It seems like lately, I’ve been reading a lot of novels about marital infidelity. “What’s up with that?” one may ask. Well, different genres and themes come to me in waves, sort of. I would read literary novels galore, and then switch to mysteries, then to war stories, and stories about art, and then to stories about love and family. Rarely do I have a reading list (if I do, it comprises no more than five or six must-read books), so sometimes I choose authors by their praise on a jacket of a novel that I’ve just finished. And quite often they happen to write in the same genre or explore the same themes.
Pictures of You is about love and disillusionment, loss and grief, betrayal and guilt, forgiveness, or inability to forgive. The main episode setting off the chain of events is a collision on the road, involving two women drivers and a child. One woman (Isabelle) drives away from her philandering husband, quitting her marriage, and the other one (April) flees from her loving husband, because she’s emotionally drained. (The reason? It’s for the reader to find out.) No one can determine the cause of the accident with absolute certainty, but of course there are all kinds of speculations.
The media calls this tragedy a “tale of two suitcases.” Which is an interesting way to explain it, and which, in my humble opinion, would’ve been a perfect title for this novel, because these suitcases collide literally and figuratively. Literally, because there is one suitcase in each car during the crash. Figuratively, because they represent two women, two destinies, two unfulfilled marriages and failed dreams; and because their impact changes the lives of these two women and their families.
Caroline Leavitt raises the universal questions that resonate with many of us. How much can you really love another person? How much are you willing to sacrifice for that person? How well can you really know another person, even the one you love deeply? Can you forgive the betrayal of your beloved? Also, it’s about the meaningful and life-changing connections that we often ponder. According to one of the characters (well, the author), “…the universe [is] making connections for you, showing you that not only [are] there no coincidences, but they [have] real meanings and importance.” 288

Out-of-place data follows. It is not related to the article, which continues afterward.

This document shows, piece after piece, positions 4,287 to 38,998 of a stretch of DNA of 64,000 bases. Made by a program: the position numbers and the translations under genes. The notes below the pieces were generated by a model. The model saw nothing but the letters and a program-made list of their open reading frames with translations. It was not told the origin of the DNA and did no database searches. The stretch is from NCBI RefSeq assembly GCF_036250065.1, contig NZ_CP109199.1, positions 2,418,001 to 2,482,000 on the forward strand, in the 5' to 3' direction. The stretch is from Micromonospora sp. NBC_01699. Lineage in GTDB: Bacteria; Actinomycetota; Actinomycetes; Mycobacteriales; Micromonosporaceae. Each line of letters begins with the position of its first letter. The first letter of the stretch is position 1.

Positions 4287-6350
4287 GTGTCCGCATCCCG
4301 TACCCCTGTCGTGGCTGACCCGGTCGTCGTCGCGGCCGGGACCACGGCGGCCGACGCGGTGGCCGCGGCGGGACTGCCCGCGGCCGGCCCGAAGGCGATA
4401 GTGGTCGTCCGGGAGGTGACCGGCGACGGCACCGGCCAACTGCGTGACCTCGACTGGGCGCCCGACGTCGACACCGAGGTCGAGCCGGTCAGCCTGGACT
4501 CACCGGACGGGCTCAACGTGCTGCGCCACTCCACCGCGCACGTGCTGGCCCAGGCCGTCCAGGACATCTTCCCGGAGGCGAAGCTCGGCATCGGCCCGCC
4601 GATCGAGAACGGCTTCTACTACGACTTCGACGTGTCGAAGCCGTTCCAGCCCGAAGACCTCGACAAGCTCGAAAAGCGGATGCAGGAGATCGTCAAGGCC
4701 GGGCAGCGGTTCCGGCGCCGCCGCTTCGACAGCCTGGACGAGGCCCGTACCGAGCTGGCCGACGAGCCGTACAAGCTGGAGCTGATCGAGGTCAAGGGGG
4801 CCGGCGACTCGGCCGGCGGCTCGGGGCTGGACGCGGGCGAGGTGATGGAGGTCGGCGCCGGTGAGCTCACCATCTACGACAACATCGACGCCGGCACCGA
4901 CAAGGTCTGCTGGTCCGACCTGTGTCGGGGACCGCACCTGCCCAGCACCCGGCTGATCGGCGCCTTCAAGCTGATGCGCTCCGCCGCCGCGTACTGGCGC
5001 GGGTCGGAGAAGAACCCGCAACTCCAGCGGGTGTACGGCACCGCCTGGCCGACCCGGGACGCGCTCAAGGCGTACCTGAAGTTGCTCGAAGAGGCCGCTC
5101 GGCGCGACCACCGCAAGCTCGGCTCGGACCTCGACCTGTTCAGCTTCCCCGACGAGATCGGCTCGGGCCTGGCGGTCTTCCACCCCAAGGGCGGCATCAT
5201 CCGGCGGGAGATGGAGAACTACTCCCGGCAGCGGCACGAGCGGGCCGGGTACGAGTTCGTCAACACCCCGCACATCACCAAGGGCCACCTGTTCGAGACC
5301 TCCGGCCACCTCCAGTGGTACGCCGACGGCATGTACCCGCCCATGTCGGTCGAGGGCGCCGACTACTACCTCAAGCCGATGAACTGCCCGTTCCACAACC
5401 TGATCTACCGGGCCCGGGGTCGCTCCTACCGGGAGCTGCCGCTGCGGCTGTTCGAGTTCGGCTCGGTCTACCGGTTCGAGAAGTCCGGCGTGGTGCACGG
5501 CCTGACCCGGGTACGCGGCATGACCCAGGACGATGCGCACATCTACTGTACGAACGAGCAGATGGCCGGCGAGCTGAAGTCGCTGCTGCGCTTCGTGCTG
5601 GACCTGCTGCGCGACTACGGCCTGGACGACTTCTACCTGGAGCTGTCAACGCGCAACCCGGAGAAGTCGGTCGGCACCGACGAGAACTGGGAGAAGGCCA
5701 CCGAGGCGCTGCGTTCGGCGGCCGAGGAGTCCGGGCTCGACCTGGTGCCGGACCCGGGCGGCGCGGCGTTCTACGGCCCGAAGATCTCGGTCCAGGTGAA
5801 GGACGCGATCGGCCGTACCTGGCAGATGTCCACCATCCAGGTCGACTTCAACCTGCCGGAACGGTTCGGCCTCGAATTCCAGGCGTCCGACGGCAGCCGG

It’s true, isn’t it?
Overall, Pictures of You is an engaging, suspenseful story. It may seem both unpredictable and not so. You may find certain aspects disappointing, and certain things a bit contradictory or not quite plausible. It all depends on your take. I personally liked the first half of the novel better than the second half. And the last chapter seemed a bit of a stretch to me. Needless to say, I would love to discuss all these points with other readers. 🙂
My favorite line: “You could look at anything any number of ways and angles, so you might as well look at it the good way, the way that was most meaningful to you personally.” 310